Related literature

Previous explanations to the loss of welfare that followed the Neolithic Revolu-tion include the following.

In Weisdorf’s (2004) model, early farmers give away leisure in exchange for goods produced by an emerging class of specialists (e.g., craftsmen and bureaucrats). Marceau and Myers (2006) model the fall in consumption and leisure as a tragedy of the commons. Both Weisdorf, and Marceau and Myers assume a constant population during the transition to agriculture.

Weisdorf (2007) and Robson (2008) incorporate demographics to their mod-els. Weisdorf combines Malthusian population principles with the evolution of human metabolic rates. In his model, agriculture favored the evolution of hu-mans better suited for longer hours of work. Robson develops a model with two goods: children and their health. Infectious diseases become more prevalent as population increases. This makes the health of children more expensive, so farmers choose to invest less on it.


A model of agriculture adoption


Model setup

A tribe has N > 0 identical adult members or tribesmen. Each tribesman chooses food consumptionc >0, leisure r >0, and quantity of childrenn >0

in order to maximize utility. His is subject to the following budget constraint:

w(T r+ n) c+ n

Variablew >0is the return to labor in units of food, T >0is the tribesman’s disposable time, andT r >0is his labor supply. Parameter 0represents child productivity measured in man-hours. The children of hunter-gatherers don’t contribute to production: = 0. When agriculture is adopted, rises to a positive amount. Parameter >0measures the food requirements of a child.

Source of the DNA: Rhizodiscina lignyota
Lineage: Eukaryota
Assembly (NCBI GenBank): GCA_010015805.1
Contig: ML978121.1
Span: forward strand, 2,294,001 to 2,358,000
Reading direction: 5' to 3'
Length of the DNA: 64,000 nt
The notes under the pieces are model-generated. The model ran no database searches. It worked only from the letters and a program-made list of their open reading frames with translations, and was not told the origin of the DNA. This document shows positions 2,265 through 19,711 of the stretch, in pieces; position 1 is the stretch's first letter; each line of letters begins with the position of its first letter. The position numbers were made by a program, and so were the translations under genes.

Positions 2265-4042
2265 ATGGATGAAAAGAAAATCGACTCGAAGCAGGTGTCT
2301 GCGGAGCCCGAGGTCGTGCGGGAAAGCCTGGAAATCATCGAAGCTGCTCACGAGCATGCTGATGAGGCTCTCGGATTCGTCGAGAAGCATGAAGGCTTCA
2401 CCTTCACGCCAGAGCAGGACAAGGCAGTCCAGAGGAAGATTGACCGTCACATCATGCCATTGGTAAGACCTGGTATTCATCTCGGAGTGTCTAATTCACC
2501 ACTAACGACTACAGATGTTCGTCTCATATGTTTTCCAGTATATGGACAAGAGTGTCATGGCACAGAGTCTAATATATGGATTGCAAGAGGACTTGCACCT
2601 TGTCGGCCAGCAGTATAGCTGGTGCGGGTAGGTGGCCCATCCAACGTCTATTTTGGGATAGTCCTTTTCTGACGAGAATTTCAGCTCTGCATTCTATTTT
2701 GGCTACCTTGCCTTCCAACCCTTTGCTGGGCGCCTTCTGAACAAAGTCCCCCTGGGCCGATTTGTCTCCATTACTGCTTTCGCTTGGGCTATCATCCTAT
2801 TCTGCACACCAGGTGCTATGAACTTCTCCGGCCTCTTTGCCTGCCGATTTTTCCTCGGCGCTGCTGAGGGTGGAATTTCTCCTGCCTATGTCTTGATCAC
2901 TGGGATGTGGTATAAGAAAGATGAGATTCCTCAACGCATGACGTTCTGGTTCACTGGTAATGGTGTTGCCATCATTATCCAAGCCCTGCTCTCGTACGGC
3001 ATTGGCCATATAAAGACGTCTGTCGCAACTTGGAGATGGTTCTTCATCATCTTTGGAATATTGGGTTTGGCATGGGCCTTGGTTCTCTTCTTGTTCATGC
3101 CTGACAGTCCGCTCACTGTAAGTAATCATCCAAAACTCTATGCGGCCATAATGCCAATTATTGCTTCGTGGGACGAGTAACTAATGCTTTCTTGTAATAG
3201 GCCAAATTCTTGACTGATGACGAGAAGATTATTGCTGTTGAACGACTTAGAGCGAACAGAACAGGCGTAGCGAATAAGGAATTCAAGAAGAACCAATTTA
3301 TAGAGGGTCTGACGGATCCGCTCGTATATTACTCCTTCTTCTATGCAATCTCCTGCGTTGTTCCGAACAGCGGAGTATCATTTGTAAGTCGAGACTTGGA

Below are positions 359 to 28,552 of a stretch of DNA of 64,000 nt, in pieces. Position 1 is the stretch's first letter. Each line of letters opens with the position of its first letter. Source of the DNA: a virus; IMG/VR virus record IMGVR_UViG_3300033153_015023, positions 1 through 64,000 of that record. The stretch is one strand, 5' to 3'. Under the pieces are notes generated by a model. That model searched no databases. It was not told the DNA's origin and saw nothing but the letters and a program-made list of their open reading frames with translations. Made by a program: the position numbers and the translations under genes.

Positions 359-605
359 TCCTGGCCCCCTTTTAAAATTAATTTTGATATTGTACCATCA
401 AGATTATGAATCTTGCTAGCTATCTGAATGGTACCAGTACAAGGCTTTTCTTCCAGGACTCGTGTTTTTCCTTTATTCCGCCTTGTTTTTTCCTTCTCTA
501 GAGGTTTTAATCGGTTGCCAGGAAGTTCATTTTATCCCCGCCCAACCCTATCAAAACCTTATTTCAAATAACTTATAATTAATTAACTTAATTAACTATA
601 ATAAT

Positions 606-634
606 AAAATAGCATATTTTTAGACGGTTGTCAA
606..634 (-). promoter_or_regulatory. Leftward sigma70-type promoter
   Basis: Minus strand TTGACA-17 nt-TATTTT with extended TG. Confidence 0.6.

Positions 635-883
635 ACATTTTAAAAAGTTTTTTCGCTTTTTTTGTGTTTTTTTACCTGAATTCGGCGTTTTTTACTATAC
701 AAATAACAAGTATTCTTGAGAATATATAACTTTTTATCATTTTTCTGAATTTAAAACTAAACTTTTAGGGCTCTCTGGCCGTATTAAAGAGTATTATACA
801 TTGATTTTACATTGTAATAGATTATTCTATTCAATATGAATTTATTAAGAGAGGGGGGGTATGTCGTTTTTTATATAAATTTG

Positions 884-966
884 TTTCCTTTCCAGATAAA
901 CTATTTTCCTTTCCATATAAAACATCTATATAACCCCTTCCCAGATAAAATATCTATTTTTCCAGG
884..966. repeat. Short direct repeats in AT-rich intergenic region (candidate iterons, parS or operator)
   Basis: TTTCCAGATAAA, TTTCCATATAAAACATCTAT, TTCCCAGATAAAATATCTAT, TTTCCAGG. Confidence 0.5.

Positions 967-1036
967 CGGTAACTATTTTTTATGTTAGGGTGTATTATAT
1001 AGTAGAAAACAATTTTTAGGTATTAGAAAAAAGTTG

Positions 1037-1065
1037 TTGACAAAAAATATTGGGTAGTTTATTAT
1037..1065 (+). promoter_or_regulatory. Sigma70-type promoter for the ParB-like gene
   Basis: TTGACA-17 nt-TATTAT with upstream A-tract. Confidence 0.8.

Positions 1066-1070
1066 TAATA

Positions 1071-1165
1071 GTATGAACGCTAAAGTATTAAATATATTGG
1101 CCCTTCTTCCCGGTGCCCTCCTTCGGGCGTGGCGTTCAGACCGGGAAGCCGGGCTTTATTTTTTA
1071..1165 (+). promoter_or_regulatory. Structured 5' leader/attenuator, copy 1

The budget constraint can be rewritten as follows


whereI=wT is total income,pr=wis the price of leisure, andpn= w >0

is the price of children.

The return to labor w is a function of a technology parameter A and of population N. As usual, w is increasing in A. Following Malthus, assume

w falls with N. Using subscripts to denote partial derivatives: wA > 0 and

wN <0.

Population dynamics is governed by the following equation:

N0= nN

n ;

whereN0is next period’s adult population, and parametern >0represents the

replacement fertility rate.

In the short-run, populationN is …xed, while in the long-run, diminishing returns to labor operate as a Malthusian check: as population grows, the return to labor declines, until the tribesman’s optimal decision is to bear just enough children to keep population constant (n=n).